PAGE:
The Kreg pocket hole jig and Kreg right angle clamp make such quick work of this project. This project to this point took about an hour.

And finally, I cut a piece of 3/4″ plywood to fit the top, and attached it with wood glue and 1.5-inch 16-gauge nails.

Now my little stool is ready for foam, batting and fabric. But can you imagine the top plywood trimmed with 1″ x  2″ lumber, mitered on the corners, and then the whole thing stained or painted? It could be so nice!


The stool is now an upholstered ottoman! Here’s a peek at how it turned out…

how to make a striped skirted upholstered ottoman - 41

See the details of this upholstery project here…



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  1. That cement workspace is sooo tempting to you, isn’t it? LOL! I love that you’re backing to building furniture. Whatever happened with the chair you built to upholster?

  2. Since seeing your new furniture I have been trying to find some more clamps for my pocket hole set up. I don’t have that type of clamp. I made a plywood jig to keep the pieces at a 90 degree angle.
    What is that clamp called?
    Also how is it you don’t run into the screws you did first because it looks as if the screws would be hitting each other on the legs. Or maybe the screws are short?

  3. I love these “basic” tutorials! Now my mind is full of possibilities and I’m thinking about the spare turned legs I’ve got stored in the shed … And I LOVE reading about your furniture building – I want you to build ALL THE THINGS! xx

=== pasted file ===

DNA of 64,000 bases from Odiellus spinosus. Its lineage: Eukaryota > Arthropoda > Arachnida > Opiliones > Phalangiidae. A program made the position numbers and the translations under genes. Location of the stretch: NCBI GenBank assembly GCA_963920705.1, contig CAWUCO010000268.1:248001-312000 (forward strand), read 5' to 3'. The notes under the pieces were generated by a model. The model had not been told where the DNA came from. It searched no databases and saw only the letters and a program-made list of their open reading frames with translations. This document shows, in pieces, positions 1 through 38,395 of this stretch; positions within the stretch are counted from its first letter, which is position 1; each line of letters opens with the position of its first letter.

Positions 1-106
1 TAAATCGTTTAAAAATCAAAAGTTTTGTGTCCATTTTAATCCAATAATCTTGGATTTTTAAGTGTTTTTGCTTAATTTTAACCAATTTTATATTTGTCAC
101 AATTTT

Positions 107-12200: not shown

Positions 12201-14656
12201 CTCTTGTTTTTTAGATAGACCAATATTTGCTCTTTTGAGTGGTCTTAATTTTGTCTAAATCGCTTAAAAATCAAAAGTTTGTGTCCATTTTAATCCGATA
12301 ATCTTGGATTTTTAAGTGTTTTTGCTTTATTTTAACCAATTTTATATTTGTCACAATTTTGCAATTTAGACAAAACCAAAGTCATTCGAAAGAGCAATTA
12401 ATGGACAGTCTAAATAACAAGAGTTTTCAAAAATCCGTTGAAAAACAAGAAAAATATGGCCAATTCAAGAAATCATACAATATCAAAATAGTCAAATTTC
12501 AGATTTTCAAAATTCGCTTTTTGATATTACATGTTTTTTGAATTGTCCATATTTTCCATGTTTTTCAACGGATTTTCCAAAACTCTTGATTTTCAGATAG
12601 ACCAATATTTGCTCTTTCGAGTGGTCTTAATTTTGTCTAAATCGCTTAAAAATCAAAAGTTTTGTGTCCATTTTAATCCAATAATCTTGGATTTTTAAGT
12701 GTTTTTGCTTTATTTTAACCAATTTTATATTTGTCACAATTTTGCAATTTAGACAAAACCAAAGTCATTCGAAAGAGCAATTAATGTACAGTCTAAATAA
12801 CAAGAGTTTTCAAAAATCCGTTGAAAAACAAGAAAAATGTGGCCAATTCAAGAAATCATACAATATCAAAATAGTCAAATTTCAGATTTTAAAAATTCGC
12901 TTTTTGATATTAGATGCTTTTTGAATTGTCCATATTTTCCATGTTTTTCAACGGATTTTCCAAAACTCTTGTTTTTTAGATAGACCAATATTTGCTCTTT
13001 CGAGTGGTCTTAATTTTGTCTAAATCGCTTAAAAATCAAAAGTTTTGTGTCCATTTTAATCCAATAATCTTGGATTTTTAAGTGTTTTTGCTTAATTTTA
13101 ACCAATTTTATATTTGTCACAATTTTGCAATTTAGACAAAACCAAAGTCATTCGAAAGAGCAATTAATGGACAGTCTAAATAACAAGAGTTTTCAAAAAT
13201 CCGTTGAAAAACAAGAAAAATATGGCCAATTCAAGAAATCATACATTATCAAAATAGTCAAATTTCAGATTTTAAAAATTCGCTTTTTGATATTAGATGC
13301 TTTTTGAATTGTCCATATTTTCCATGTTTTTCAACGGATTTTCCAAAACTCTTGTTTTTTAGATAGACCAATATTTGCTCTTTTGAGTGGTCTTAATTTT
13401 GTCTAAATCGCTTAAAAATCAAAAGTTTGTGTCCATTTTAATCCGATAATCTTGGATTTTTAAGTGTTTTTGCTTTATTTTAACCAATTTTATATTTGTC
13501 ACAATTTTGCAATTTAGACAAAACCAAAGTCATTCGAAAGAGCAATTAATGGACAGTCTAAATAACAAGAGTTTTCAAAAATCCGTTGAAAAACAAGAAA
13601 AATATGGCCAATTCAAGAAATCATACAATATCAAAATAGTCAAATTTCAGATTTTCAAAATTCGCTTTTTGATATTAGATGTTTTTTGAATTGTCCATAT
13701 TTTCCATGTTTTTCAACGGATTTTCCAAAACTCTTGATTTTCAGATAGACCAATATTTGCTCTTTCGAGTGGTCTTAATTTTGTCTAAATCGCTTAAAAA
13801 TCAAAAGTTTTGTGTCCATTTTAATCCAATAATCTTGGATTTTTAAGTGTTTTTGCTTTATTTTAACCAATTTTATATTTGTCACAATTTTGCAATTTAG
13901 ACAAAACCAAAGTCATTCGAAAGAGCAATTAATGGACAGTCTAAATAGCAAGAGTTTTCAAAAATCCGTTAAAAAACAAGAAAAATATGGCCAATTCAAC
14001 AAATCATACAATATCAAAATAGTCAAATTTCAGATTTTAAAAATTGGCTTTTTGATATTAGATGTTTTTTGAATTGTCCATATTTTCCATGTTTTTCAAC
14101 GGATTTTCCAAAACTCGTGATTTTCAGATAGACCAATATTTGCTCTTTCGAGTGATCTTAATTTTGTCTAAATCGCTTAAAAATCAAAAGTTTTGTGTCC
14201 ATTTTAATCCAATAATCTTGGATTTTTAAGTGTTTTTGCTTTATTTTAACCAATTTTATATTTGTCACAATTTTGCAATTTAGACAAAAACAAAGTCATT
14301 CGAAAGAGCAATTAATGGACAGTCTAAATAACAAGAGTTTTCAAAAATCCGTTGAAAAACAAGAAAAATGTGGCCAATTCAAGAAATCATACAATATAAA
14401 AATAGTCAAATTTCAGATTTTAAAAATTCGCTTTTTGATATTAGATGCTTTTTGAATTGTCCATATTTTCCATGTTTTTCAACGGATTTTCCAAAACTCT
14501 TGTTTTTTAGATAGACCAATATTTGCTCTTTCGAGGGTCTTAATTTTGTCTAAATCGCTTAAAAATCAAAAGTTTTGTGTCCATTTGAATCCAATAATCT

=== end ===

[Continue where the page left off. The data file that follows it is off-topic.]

4. You’re going to be sitting on it, right?

    For some reason I thought it would be a nice step stool! 🙂 :)I guess it’s all perspective when I’m 5’10 and you’re petite 🙂 🙂 😉

      1. 🙂 You’re probably correct 🙂

        I’ve been looking for new BAR stools so I guess that’s why I immediately thought step stool. She is so darn good, isn’t she?

  5. Wow Kristi, that was FAST! Did you use a pattern for the ottoman frame and console that you made or did you make it up in your head? I am so happy for you that you got the wood frame done so quickly you must feel very accomplished now. I did have to look up one word that you used however. “stretcher” i did not know what that was and looked it up on Wikipedia. “A stretcher is a horizontal support element of a table, chair or other item of furniture; this structure is normally made of exposed wood and ties vertical elements of the piece together. … This term is sometimes referred to as a stretcher beam.”
    Anyhoo, It looks like you are really making a lot of progress on projects lately which is really fun to follow online.

  6. thank you for a good tutorial on making a stool. I have a kreg jig and was wondering which clamp to buy. I am a true novice with construction!

  7. Oh I love this type of project! This definitely feels doable too. I’ve been wanting to replace my footstool and possibly make a few others for various places around the house. Mainly because these little stools are so handy.

    Thanks for sharing!